Biden draws wallet 

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Earlier this week, the US Federal Reserve (Fed) reported in its Beige Book that the US economy showed modest growth in the last weeks of 2020. According to the Fed, some regions experienced lower retail sales and less spending in the hospitality sector as a result of the corona measures. The roll-out of the vaccine did provide some optimism but concerns about the rapidly rising number of infections dampened enthusiasm. The Beige Book results cover a period when vaccination was beginning, so the impact on the economy is not yet visible. It is expected that the vaccinations will only have an impact on the economy from the second half of this year. 

Too optimistic

In December, a total of 140,000 jobs were lost. According to Reuters, economists who were consulted beforehand had actually taken into account an increase of 50,000 jobs. The over-optimistic view of economists was once again contradicted yesterday. The number of applications for unemployment benefits increased by 181,000 in the past week, while economists had not anticipated any increase in applications. As a result of corporate reorganisations and the spreading pandemic, applications for benefits continue to flood in. This is the strongest increase since March of last year. 

No tightening

Fed Chairman Jerome Powell briefly addressed the sharp rise in support applications during his virtual speech to students at Princeton University. America is still far from a healthy labour market and maximum employment. The central bank continues to pursue an aggressive monetary policy because not only the labour market but also inflation is still far from the desired level. Powell’s views are not surprising as the Fed’s most recent dot plot shows that the first interest rate hikes are not expected until 2024.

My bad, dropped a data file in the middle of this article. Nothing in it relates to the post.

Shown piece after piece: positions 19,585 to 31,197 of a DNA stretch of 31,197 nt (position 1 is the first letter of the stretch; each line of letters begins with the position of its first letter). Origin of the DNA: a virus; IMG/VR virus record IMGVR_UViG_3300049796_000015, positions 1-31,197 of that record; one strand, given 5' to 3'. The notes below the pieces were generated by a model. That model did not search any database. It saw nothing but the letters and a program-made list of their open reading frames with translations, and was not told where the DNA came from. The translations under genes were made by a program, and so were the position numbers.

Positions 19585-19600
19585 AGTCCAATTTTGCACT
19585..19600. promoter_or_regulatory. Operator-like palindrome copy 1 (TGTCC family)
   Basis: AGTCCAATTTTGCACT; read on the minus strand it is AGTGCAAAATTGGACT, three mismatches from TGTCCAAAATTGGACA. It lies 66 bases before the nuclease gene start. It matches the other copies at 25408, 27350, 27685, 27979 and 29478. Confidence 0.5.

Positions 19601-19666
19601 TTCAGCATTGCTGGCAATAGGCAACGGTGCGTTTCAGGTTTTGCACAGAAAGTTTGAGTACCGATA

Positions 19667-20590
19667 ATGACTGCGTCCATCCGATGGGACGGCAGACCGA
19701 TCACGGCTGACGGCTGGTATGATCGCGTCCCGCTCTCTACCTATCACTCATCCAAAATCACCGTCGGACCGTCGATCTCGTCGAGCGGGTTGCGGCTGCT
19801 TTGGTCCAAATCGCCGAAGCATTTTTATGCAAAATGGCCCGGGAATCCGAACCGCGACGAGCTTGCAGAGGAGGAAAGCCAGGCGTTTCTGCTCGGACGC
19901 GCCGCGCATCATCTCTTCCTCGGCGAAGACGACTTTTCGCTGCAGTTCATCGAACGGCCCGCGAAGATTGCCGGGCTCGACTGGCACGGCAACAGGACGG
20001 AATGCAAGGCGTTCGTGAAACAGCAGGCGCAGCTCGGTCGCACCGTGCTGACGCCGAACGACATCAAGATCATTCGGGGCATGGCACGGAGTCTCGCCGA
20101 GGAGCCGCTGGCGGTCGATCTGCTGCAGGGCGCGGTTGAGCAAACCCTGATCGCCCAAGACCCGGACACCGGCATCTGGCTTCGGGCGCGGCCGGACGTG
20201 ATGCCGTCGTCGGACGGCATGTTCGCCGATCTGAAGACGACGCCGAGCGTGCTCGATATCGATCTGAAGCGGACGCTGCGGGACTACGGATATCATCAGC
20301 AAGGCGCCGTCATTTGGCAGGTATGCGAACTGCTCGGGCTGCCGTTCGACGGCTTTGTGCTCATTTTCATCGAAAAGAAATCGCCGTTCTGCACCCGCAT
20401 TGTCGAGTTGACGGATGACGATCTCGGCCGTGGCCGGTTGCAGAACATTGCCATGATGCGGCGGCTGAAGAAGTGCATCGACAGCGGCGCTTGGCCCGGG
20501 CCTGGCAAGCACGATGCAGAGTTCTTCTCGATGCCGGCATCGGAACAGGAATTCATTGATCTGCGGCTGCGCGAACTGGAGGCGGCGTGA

In contrast, capital markets speculated in recent weeks on a tightening of monetary policy because of a faster-than-expected economic recovery. The US 10-year interest rate rose this year from 0.92 percent to 1.14 percent. This rise in interest rates was a precursor to the stimulus plans of President-elect Joe Biden.

Debt burden

In a speech last night, Joe Biden presented a coronary rescue plan with a total volume of 1.9 trillion dollars. The plan includes a cheque for 1,400 dollars per person. To further support families, not only will the minimum hourly wage be increased to 15 dollars, but unemployment benefits, severance pay, and child allowances will also go up. About half of the aid package will go to the vaccination programme and support for state and local governments. In February, Biden wants to present a more comprehensive aid plan. Investors are happy with the support measures for the time being. Central Bank Chairman Powell has expressed his concern about the cost of these plans and the even higher debt burden that would result. 

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